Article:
7 days of unlimited WordPress themes, plugins & graphics - for free!* Unlimited asset downloads! Start 7-Day Free Trial

How to Hand Code SVG

Read Time: 24 mins

One of the great things about scalable vector graphics (aside from their being infinitely scalable without quality loss) is that once you know the fundamentals you can hand-code simple shapes quite easily, without needing to open a graphics application.

With just a few lines of code you can have your own custom icons, and you’ll know exactly how each one is put together. When you create your own SVGs you ensure they are written in the most efficient way possible, and you have the maximum level of control when using them in your sites.

In this tutorial we’re going to cover all the fundamentals of coding SVGs by hand, but I’m not going to bore you with a dry lecture that just trots out the relevant shapes and attributes. Instead you’ll learn how to hand code SVG through practice, creating the six icons you see at the start of this tutorial (check out the demo online). In the process, you’ll use all of the basic elements required for SVG hand coding.

Speaking of those basic elements, let’s have a quick introductory rundown on what each of them are.

Basic SVG Elements

You can get into a lot of complexity with SVG, but that’s not necessary for the icons we’ll be making. The following list covers the building blocks we’ll need.

• <svg> Wraps and defines the entire graphic. <svg> is to a scalable vector graphic what the <html> element is to a web page.
• <line> Makes single straight lines.
• <polyline> Makes multi-segment lines.
• <rect> Makes rectangles and squares.
• <ellipse> Makes circles and ovals.
• <polygon> Makes straight sided shapes, with three sides or more.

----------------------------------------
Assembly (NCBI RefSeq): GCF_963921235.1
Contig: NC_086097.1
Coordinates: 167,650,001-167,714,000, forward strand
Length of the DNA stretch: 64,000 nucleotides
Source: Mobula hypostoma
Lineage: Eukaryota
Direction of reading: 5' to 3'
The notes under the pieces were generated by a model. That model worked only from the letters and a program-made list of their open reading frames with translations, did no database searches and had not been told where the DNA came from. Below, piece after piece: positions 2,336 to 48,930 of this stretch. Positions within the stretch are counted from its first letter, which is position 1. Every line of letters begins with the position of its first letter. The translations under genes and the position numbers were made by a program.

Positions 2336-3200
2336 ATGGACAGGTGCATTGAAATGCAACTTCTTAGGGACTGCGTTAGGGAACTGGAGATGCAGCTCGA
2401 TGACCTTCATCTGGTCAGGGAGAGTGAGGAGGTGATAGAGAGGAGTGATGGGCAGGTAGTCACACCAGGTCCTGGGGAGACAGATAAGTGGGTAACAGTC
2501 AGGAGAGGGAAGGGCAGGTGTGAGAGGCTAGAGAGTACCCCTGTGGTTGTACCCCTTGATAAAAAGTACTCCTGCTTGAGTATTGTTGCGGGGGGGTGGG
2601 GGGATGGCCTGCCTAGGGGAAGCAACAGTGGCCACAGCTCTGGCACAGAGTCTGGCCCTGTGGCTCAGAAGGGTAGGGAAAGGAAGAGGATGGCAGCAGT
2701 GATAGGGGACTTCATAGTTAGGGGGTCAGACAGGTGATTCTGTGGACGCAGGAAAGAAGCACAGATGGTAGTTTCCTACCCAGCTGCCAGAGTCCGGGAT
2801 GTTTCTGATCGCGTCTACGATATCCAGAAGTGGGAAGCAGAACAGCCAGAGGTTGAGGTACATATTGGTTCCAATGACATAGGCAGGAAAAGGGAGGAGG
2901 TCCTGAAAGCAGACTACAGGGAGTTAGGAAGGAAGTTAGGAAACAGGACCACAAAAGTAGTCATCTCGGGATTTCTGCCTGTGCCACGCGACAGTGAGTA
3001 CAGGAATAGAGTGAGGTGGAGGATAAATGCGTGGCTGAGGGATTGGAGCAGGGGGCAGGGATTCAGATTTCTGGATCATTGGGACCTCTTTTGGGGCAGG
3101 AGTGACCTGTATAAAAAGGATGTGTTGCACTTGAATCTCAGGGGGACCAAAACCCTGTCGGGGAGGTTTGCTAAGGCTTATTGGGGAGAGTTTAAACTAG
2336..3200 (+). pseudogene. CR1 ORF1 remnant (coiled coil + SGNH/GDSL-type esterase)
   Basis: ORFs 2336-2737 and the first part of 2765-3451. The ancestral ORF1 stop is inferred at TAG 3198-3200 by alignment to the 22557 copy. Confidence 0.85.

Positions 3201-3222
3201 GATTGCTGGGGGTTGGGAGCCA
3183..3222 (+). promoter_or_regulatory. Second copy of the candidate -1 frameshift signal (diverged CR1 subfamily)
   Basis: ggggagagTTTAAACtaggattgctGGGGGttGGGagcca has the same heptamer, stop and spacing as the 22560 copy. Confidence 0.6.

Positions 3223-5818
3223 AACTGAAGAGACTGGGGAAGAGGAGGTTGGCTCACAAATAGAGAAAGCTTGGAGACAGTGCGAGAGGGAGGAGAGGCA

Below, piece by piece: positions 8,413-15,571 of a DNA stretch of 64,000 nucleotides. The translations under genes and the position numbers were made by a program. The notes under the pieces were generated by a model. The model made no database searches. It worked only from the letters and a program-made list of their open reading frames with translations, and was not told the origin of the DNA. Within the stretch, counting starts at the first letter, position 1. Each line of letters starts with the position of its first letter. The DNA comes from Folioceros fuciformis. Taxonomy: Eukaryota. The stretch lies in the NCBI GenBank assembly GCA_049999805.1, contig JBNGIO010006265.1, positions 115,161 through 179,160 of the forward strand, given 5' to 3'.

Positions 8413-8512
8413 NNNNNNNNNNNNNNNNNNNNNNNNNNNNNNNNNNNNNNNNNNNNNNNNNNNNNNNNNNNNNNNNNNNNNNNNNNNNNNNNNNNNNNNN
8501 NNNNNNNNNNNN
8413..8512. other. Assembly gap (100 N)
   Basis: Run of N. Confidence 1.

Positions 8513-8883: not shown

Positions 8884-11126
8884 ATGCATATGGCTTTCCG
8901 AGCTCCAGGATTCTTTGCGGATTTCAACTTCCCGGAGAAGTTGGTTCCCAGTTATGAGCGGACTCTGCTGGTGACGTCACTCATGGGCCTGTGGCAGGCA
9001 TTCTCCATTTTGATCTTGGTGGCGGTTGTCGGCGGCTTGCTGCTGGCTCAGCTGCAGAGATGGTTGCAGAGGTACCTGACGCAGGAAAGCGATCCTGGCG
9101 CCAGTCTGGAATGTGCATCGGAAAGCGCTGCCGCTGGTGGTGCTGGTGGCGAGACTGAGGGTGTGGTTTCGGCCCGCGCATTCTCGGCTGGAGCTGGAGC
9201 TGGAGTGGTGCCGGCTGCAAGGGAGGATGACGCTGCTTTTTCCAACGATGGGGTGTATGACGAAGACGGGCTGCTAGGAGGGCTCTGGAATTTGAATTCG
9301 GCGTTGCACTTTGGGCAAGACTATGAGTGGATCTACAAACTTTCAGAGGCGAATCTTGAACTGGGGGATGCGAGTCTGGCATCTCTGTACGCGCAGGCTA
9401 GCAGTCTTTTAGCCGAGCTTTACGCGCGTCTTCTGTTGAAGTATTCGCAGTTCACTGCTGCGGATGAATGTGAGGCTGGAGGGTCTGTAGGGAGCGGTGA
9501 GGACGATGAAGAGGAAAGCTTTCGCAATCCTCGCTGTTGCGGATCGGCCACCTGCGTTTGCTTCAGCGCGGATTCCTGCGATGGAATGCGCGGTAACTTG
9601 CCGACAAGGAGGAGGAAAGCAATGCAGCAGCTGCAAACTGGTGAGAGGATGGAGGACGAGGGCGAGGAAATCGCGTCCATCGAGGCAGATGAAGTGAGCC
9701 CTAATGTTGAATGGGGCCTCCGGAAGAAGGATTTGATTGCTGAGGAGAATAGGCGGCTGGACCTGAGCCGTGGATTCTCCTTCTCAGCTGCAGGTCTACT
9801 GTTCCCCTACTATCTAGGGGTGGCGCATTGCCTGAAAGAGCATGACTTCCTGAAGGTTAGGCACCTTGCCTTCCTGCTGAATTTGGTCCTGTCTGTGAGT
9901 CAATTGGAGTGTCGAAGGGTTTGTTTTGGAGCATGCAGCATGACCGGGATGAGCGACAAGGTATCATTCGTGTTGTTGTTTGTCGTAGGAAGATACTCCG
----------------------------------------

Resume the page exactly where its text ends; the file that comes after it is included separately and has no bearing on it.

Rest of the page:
• <path> Makes any shape you like by defining points and the lines between them.
• <defs> Defines reusable assets. Nothing placed inside this <defs> section is visible initially. <defs> is to a scalable vector graphic what the <head> element is to a web page.
• <g> Wraps multiple shapes into a group. Place groups in the <defs> section to enable them to be reused.
• <symbol> Like a group, but with some extra features. Typically placed in the <defs> section.
• <use> Takes assets defined in the <defs> section and makes them visible in the SVG.

As we go through and create our icons, we’ll be working through this list of elements in the order seen above.

Starter Files

Before we get started, grab yourself a copy of the starter files from the GitHub repo. You can either download a .zip file, or clone the repo to your own system.

We’re going to begin with a document that has some basic HTML and CSS already in place. This will give some styling to the SVGs we’ll be making, and will also set you up with a little grid on the page. We’ll be creating our icons over the top of this grid, and hopefully it will help you visualize the coordinates you’re working with when laying down your SVGs.